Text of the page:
Available for the first time on the open market, and with only two owners since its construction in 1964, the DeLeeuw Residence is a beautiful mid-century example of Leroy Young and John Remington’s architectural work.
The duo designed commercial and residential buildings in and around Los Angeles in the late-1950s and 1960s, and were commissioned by Carl M. DeLeeuw, a World War II veteran and Medal of Honor recipient, to design his family’s residence in Palos Verdes Estates.
The 2,696-square-foot, post-and-beam structure features a dramatic pitched roof and floor-to-ceiling windows that highlight sweeping views from the Hollywood sign to the ocean.
Highlights of the property include four bedrooms, three bathrooms, and expansive living areas that are framed by walls of glass. Many of the original features of the home remain intact, including a double-sided fireplace, living room built-ins, original bathrooms and closet doors, and exterior windows and glass sliders.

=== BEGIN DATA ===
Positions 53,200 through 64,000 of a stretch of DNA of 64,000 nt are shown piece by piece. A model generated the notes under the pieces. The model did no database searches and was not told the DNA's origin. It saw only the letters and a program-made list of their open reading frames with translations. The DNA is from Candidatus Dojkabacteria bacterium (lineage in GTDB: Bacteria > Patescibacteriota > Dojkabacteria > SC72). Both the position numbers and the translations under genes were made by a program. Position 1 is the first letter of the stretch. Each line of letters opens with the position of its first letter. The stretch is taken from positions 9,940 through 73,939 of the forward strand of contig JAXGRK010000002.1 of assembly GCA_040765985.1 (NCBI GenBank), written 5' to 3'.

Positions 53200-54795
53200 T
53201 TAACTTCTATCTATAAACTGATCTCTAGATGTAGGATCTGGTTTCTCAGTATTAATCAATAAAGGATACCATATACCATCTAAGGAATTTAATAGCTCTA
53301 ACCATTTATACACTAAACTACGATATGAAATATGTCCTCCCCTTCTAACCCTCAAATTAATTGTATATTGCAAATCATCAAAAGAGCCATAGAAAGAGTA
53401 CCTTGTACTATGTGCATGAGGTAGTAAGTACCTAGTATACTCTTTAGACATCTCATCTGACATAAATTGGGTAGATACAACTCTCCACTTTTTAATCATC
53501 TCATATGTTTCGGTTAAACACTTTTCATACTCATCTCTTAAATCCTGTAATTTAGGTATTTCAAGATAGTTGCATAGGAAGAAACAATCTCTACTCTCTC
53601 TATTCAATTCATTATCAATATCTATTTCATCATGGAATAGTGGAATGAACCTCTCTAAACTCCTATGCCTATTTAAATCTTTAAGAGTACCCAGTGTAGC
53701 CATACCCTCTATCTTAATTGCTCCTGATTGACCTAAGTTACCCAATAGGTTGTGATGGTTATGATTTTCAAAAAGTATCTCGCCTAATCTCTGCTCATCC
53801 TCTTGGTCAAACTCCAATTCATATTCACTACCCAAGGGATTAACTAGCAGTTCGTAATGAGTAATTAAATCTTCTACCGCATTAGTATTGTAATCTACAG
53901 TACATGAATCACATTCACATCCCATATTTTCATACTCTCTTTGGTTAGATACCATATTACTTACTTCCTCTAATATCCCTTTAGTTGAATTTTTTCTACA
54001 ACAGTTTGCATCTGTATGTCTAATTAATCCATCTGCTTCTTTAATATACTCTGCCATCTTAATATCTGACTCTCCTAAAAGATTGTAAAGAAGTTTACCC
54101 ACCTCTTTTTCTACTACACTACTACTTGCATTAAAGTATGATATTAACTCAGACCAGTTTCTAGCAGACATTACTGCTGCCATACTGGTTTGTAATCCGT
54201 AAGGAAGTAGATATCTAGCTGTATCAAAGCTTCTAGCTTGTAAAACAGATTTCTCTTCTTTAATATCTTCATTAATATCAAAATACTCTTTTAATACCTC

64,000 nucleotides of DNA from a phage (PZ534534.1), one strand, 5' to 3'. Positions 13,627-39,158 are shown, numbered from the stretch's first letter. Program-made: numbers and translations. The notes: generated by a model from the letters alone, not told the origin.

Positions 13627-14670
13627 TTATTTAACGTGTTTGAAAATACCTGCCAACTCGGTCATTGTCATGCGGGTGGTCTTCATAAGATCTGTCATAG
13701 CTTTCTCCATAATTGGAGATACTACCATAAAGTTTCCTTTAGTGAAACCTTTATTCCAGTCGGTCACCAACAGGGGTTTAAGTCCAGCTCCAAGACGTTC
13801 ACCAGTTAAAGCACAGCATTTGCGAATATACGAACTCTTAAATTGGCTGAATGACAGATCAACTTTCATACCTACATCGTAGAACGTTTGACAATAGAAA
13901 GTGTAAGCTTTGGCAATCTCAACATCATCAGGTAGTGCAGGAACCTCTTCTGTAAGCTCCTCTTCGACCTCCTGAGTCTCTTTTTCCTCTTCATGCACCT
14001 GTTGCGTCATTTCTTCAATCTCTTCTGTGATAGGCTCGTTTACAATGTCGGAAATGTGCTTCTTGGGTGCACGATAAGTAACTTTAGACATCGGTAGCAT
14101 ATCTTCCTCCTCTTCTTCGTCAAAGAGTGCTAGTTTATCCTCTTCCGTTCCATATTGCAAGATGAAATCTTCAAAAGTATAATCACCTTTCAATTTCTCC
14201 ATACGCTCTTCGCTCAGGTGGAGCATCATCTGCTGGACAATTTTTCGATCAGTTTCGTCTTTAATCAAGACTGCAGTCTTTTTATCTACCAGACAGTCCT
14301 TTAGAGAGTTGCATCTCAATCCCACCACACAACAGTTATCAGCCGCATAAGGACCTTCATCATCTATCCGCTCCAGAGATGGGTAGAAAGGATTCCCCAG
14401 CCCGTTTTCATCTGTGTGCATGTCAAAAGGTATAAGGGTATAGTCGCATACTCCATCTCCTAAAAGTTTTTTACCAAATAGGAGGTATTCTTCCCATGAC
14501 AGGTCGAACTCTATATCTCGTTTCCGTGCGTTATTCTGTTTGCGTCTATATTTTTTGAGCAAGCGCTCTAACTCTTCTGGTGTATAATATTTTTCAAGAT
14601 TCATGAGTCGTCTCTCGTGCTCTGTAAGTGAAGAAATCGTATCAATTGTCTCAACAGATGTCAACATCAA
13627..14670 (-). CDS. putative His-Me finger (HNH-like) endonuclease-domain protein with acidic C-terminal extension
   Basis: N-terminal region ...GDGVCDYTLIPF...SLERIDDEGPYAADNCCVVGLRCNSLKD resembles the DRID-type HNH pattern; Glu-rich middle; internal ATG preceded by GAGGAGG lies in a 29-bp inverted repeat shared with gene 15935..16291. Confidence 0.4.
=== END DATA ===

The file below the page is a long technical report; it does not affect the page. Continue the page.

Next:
Celebrating and preserving the original architectural elements, the current owners made very few changes, all of which were tasteful and strategic. They updated the kitchen with warm walnut cabinetry, modern Fisher & Paykel appliances, and Caesarstone quartz countertops. They also integrated functional upgrades, including a newer heating system and energy-efficient window glazing.
The lower-living level, which includes a second fireplace, opens to the tastefully-landscaped backyard for indoor/outdoor livability. Drought-tolerant landscaping accents the backyard. The rear elevation features impressive spans of glass, original to the home.
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